Frequent, intense clashes a constant headache for Gazi shopkeepers

Apart from a few broken signs and cracked windows, the main street of Istanbuland’s Gazi neighborhood appeared calm and tidy during one mercilessly hot July afternoon.
But a few days earlier, images fit for a warzone emerged from the neighborhood after several days of heavy clashes between protesters and police. During such standoffs, local businesses have no choice but to shut down their shops, barring them behind metal barriers. Even if they escape physical damage, remaining closed for days at a time eats into revenues.
and”That was from a tear gas canister,and” Sanduleyman Erdogan told Sundayand’s Zaman as he gestured toward the broken sign hanging above the small grocery store he runs near Gaziand’s main street.
and”You canand’t work for three or four days, but there are still taxes and rent to pay,and” grumbled Erdogan.
Located an hour northwest of central Istanbul, Gazi is the last urban frontier before a swath of forestland. The quarter is home to a large community of Alevis, a minority numbering around 12 million in Turkey that are distinguished by their heterodox practice of Islam. For this they have remained suspicious in the eyes of a Turkish state founded on Sunni identity, and have been the targets of several massacres during the 20th century.
The neighborhood also is home to a stronghold of outlawed leftist militant groups such as the Revolutionary Peopleand’s Liberation PartyFront (DHKPC) as well as legal leftist organizations.
Skirmishes broke out in Gazi on July 24 following the death of DHKPC member Gandunay andOzarslan, who was killed in a raid staged in a separate district targeting members of designated terrorist organizations. The standoff lasted for three days, as TOMA water cannons were pelted with rocks and Molotov cocktails by masked militants, and police dispersed crowds with showers of plastic bullets and tear gas.
Residents claim the police deliberately and repeatedly attacked the neighborhoodand’s cemevi (Alevi house of worship), pummeling it with tear gas canisters. Windows were broken and the cemeviand’s sign showed heavy damage during a recent visit.
While the authorities claim to be targeting outlawed groups and quelling violent demonstrations, many Alevis claim they themselves are the actual targets, arguing that neighborhoods like Gazi are subject to excessive and constant police pressure. A major police precinct looms just above the neighborhood, and the presence of armored police vehicles in the area is a near-constant.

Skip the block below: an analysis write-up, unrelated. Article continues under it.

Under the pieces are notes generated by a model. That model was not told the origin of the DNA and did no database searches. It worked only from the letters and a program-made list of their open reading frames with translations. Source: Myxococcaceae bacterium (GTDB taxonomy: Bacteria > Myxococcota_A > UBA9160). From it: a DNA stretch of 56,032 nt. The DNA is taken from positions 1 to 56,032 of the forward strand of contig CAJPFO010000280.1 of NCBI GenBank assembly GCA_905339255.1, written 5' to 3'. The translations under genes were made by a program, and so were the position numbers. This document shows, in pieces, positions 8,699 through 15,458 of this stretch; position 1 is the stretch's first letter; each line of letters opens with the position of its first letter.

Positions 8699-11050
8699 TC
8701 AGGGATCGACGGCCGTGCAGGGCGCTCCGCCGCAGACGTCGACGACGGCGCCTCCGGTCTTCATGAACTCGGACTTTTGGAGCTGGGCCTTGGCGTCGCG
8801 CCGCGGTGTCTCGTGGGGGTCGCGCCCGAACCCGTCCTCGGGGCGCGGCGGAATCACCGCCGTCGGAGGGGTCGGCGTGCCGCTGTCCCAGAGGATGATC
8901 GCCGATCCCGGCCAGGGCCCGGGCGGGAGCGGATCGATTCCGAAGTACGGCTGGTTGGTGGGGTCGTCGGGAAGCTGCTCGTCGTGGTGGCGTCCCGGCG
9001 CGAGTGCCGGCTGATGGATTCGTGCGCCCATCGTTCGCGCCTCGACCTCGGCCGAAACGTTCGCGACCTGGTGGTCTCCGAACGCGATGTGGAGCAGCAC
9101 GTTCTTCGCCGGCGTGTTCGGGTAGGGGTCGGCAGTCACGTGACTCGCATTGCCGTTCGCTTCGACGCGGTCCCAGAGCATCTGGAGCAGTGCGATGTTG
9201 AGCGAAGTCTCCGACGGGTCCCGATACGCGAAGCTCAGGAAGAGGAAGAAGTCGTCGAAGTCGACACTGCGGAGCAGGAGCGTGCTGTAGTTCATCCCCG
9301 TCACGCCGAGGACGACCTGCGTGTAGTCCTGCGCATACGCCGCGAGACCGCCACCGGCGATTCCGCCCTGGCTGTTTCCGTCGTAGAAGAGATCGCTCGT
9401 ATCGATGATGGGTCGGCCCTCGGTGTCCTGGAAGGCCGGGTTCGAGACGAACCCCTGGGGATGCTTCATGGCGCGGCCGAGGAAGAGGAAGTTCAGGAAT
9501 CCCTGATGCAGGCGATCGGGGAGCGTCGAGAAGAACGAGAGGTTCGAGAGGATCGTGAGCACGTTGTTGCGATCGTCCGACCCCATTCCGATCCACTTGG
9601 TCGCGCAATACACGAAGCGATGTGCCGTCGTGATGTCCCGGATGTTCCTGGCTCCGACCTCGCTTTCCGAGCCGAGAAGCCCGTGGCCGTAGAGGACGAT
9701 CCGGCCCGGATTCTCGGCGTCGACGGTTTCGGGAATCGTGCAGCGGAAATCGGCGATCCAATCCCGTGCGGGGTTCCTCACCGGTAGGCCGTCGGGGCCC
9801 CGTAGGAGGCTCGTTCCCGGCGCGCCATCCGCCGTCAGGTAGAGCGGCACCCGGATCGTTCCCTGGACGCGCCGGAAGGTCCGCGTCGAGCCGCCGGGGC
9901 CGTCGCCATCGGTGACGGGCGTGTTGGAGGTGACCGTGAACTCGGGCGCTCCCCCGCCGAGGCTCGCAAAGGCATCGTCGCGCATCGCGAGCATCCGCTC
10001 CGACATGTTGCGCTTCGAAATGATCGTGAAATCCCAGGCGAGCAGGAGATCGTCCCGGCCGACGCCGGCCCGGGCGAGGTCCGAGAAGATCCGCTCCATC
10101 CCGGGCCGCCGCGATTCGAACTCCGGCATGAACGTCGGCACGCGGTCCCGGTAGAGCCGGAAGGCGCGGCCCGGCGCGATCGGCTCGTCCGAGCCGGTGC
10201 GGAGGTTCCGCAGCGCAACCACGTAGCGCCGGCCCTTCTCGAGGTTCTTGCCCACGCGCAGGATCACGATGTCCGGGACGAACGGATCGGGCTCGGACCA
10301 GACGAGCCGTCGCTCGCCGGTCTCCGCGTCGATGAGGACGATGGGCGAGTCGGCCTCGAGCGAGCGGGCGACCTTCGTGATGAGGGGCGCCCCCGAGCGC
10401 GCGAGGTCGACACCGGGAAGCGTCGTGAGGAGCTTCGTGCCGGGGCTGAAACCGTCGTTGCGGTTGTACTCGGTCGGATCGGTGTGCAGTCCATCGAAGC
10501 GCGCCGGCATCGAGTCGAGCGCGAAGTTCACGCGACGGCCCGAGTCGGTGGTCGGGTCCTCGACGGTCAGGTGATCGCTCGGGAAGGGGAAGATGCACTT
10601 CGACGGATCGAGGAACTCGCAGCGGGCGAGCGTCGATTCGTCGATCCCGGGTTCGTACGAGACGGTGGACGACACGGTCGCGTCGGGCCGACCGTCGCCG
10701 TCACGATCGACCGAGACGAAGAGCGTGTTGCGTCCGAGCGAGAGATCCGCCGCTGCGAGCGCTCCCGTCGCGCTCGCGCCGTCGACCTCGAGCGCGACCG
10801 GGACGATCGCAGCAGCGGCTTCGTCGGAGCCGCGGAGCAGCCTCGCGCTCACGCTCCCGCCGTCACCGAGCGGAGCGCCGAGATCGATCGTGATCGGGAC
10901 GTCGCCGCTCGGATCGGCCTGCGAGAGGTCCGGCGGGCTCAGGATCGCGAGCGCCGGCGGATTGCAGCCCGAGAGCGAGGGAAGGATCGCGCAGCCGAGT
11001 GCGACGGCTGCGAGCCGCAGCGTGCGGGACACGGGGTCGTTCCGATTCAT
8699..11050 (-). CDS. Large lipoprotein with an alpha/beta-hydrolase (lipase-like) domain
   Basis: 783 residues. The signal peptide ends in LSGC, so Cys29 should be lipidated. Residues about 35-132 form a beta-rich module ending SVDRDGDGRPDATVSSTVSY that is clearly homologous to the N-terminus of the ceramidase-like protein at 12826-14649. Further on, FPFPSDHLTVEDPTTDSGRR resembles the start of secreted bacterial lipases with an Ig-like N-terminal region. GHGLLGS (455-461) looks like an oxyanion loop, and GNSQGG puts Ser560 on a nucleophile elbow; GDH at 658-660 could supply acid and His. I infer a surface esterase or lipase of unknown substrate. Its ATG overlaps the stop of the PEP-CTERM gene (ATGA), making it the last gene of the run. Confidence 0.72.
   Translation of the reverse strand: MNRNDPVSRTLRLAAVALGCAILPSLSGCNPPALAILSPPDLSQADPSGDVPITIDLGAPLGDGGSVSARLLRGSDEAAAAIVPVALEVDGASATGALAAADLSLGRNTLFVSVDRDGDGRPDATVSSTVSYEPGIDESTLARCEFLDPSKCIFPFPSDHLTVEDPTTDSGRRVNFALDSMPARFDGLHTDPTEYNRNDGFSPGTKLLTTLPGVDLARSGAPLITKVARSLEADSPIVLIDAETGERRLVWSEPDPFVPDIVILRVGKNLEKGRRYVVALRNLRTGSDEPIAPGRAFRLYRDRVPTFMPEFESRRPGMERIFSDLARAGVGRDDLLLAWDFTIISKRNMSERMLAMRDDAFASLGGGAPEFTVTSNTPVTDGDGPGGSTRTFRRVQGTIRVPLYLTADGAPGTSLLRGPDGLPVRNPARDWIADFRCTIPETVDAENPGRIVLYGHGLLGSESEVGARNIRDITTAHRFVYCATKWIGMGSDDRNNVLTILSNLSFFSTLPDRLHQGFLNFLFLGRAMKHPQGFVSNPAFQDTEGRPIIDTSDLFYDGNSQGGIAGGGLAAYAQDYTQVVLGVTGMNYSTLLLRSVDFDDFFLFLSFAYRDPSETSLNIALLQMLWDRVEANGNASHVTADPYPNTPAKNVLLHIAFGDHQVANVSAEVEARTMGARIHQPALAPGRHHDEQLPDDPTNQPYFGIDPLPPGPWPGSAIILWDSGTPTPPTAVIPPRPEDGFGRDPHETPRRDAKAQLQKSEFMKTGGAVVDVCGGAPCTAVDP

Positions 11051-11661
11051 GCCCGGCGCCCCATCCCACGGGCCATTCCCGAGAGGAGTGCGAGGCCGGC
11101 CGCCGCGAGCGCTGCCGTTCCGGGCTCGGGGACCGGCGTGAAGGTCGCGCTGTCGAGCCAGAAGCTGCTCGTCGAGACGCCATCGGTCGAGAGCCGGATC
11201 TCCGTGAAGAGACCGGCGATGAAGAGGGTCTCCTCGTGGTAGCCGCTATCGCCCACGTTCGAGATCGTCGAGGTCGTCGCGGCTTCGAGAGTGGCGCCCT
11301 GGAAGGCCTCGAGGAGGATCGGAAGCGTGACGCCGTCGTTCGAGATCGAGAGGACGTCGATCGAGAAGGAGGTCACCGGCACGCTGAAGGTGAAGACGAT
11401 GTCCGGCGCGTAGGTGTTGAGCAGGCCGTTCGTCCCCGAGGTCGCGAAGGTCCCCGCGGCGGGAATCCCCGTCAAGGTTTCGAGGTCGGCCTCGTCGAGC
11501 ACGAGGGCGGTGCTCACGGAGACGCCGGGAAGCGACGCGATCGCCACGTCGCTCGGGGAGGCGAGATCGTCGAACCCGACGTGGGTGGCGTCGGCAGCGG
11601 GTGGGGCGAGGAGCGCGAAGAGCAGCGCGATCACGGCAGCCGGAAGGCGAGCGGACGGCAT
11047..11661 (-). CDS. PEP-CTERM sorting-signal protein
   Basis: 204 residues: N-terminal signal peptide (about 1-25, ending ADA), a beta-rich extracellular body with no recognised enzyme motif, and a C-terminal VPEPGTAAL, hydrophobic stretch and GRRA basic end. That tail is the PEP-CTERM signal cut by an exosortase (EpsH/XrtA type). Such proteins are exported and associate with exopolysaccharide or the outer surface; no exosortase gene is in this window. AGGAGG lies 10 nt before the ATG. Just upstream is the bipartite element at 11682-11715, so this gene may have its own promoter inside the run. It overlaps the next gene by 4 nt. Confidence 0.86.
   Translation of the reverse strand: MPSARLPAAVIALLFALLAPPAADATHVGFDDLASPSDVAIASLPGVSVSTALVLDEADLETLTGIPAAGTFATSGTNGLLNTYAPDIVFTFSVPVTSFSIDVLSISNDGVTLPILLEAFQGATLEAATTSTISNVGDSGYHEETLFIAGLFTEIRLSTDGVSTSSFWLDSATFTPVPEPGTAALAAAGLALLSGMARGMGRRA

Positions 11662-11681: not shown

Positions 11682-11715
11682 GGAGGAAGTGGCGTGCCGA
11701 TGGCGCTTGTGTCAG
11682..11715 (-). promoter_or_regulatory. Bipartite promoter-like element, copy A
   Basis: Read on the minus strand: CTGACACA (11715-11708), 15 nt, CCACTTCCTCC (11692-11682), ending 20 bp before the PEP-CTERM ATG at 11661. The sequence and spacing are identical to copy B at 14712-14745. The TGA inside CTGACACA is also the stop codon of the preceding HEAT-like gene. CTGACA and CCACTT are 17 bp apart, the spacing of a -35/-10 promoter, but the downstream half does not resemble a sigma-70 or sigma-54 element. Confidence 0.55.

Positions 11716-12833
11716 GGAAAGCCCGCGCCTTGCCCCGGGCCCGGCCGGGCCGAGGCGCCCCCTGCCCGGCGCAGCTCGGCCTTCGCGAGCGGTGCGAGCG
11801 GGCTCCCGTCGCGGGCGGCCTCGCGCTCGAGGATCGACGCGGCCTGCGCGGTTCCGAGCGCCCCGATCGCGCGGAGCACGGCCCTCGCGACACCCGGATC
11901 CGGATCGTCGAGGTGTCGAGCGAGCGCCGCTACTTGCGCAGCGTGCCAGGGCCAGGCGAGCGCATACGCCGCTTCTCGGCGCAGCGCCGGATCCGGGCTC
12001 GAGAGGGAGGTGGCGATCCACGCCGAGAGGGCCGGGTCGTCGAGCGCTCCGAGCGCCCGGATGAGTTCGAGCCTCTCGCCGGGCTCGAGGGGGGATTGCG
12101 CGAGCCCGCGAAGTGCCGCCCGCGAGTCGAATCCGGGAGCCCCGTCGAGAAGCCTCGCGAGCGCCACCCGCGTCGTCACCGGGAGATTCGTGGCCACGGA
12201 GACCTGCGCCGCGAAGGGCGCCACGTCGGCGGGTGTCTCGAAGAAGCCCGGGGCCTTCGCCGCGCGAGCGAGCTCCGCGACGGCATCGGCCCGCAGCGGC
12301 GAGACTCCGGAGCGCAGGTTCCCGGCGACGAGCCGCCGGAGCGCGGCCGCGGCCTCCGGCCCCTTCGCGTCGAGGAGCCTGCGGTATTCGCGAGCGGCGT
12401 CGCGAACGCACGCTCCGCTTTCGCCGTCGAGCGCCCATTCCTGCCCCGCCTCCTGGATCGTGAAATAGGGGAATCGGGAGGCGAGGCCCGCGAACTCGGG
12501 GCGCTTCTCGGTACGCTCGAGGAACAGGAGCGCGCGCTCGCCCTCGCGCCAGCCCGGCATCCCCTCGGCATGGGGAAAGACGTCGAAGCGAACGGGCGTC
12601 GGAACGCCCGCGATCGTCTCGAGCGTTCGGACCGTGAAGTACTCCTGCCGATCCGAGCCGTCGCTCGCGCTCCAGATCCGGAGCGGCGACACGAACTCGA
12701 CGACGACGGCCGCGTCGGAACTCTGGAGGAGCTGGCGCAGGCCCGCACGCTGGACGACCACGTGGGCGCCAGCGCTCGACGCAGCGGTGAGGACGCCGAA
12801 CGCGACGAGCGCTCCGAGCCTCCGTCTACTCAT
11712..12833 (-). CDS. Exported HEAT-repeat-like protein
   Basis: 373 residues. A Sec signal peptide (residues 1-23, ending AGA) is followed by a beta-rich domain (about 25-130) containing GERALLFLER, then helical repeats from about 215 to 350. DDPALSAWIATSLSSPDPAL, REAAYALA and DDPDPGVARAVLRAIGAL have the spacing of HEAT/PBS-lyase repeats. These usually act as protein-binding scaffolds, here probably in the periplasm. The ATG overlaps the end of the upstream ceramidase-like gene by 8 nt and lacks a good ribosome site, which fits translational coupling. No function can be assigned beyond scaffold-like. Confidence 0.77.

and”There were people throwing stones, but the police were firing canisters at fifth-floor apartment buildings. Why on earth were they doing that?and” Erdogan blurted.
and”On one hand and itand’s very hot out, on the other there is tear gas everywhere so you canand’t open the window,and” Erdogan said.
and”Of course the conflict is bad for small businesses. And we arenand’t just here trying to make a profit, we are trying to meet the needs of the people living here,and” said another shopkeeper, who requested to remain anonymous.
Widely considered a dangerous no-go neighborhood, Gazi is in fact a friendly, down-to-earth place with a vibrant local business culture. There are a number of quaint outdoor cafes perfectly suitable for enjoying a cup of tea when the air isnand’t thick with tear gas and whizzing with plastic bullets. The names of many shops in the area include the word and”Munzur,and” a reference to eastern Anatoliaand’s Munzur Valley, a haven of natural beauty sacred to Alevis.
But Gazi is perhaps best known for a series of riots that followed a drive-by shooting that resulted in the death of an elderly Alevi religious leader in 1995. More than 20 people were killed after police brutally suppressed demonstrators in protests that lasted for days. The killer was never found. Since then, Gazi has been plagued by regular and often violent confrontations, making it a difficult place to run a business.
and”I opened up and closed down three or four times. I had to throw away meat worth hundreds of liras,and” said the owner of a small kiosk selling grilled sandwiches, referring to the recent weekend-long conflict.
and”But honestly, we are used to this by now,and” he said, attempting a smile.
A young boy sitting at the kiosk pointed to his fatherand’s fruit stand across the street, which proudly displayed rows of robust watermelons. and”We had put out TL 1,000 worth of fresh fruit, but out came the TOMA and ruined it. We had to throw it all away,and” he said.